There is a moment of terror frozen in osama bin laden’s mind, and I wish I was there to have seen it. For there is a moment of terror he has frozen in my mind.
On a bright, sunny, cloudless, blue-sky September day a decade ago I watched in stunned disbelief and horrible sadness as the events unfolded – and felt the same horrible emotions as all Americans that day - anger, sadness, disbelief, confusion, helplessness – and there was nothing I could do.
I watched a feeble but defiant act that morning as 3 New York City Firefighters raised our flag on a makeshift flagpole in the midst of that rubble mere hours after the attack, for even in the face of this horrible adversity, they were determined to fly the American flag.
Inspired by them, I climbed up onto the roof of my house, erected the tallest flagpole possible, and hoisted the biggest American flag I could find – in my own act of defiance – for it was all I could do.
For years, I refused to ever fly it at half mast, and against protocol, even to take it down at night, for no terrorist was ever going to make me lower my American flag. Flying that flag high was all I could do to grieve, and to heal myself from the events of that day.
In time, I began to realize that same American flag had flown for over 200 hundred years and over a thousand American battlefields, in so many wars and battles we have been victorious in, but being a such peace–loving people, have never wanted to fight - so many times refusing until we are finally forced to battle.
I have seen this flag raised high at Trenton, Yorktown, Gettysburg, Antietam and Appomattox, at San Juan Hill, Bellau Wood, and over American aircraft carriers after an improbable victory near Midway Island. The flag has flown at Utah and Omaha beaches, liberated Paris, over Hitler’s fortress in Bavaria and the Vietnams Veteran’s Memorial in Washington. We’ve placed this flag on the moon, sent it in peace on space probes leaving our solar system, and it flies in still unsettled places like Bagdad, Kabul and Fallujah. At every natural disaster around the globe out flag proudly flies because it is American ships and troops who arrive first on the scene first to provide aid.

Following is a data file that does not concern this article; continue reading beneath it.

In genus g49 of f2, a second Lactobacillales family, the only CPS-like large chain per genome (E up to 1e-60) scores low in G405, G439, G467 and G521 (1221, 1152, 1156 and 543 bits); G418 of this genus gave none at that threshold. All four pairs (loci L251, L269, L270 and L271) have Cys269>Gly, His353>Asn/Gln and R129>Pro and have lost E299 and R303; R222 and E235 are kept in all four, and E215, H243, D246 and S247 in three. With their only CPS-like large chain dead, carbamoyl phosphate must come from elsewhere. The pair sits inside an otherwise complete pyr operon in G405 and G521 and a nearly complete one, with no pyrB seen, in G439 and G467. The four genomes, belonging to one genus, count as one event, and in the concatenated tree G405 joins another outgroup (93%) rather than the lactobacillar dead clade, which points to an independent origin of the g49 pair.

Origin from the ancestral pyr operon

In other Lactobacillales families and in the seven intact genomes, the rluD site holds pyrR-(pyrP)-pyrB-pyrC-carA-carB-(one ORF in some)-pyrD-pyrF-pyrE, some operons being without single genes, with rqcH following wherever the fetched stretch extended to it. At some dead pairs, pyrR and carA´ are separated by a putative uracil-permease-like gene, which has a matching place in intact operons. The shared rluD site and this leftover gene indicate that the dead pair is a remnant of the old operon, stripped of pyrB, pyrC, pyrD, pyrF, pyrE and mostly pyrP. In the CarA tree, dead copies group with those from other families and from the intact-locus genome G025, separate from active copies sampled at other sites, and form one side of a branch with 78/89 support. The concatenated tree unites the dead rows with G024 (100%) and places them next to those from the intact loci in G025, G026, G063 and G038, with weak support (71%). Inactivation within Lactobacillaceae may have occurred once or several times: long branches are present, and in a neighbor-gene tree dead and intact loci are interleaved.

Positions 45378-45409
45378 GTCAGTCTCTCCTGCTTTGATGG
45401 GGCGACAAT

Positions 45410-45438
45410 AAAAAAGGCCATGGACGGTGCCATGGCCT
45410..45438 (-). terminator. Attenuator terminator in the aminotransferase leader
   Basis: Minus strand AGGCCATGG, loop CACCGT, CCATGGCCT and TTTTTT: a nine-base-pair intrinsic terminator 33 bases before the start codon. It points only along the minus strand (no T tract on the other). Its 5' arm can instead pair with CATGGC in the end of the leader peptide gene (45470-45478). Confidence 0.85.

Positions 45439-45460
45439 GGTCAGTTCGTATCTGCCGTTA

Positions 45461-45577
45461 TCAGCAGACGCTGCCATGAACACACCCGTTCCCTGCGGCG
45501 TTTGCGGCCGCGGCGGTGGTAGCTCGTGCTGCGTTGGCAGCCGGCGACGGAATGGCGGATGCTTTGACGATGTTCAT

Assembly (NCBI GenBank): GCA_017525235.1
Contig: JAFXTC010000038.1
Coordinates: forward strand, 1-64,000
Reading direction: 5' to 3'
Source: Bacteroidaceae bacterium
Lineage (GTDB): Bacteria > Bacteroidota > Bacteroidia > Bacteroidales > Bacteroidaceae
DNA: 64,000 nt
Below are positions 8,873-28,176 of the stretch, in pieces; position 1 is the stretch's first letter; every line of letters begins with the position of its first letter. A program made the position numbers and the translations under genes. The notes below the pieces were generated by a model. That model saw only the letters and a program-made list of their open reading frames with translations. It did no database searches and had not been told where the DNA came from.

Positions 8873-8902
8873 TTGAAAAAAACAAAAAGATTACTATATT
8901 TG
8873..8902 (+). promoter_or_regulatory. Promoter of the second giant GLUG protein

In another important act of American defiance, our flag still flies today, and everyday, over the USS Arizona, sunk 70 years ago in a horrible surprise attack by an undeclared foe. Though a sunken wreck, it is still a commissioned ship in the US Navy, and it’s from there, that Navy, that today’s American heroes are born.
There is a moment of terror frozen in osama bin laden’s mind. I wasn’t there to see it but I am sure of what happened. (You will notice that I refuse to even capitalize his name, to even give that honor to a murderer, terrorist, and evil sociopath who caused so many countless humans hurt, anger, sadness and loss.)
As osama awoke in the early morning, there were aircraft overhead, confusing, troubling action and the sound of explosions, much like a bright sunny, cloudless, blue-sky September day a decade ago. I don’t know when he first saw them, our Navy SEALS – did they come around a corner, or were they running down a hall, or did they burst into his room? I wasn’t there, I didn’t have to be, because I already know what he saw.
There is a moment frozen in time, osama’s last moment. It was finally HIS moment of terror. Uncertain who was invading his lair, but now realizing that the whole planet wasn’t a big enough place to hide from American justice, he was confronted by a soldier, a Navy SEAL. Just seconds before his end, his impending death, he caught something on the SEALS’s shoulder - a bright patch of red, and white, and blue – the American flag - in his last conscious second, as our bullet pierced his eye, he was staring at the American flag.
Copyright Bob Rushok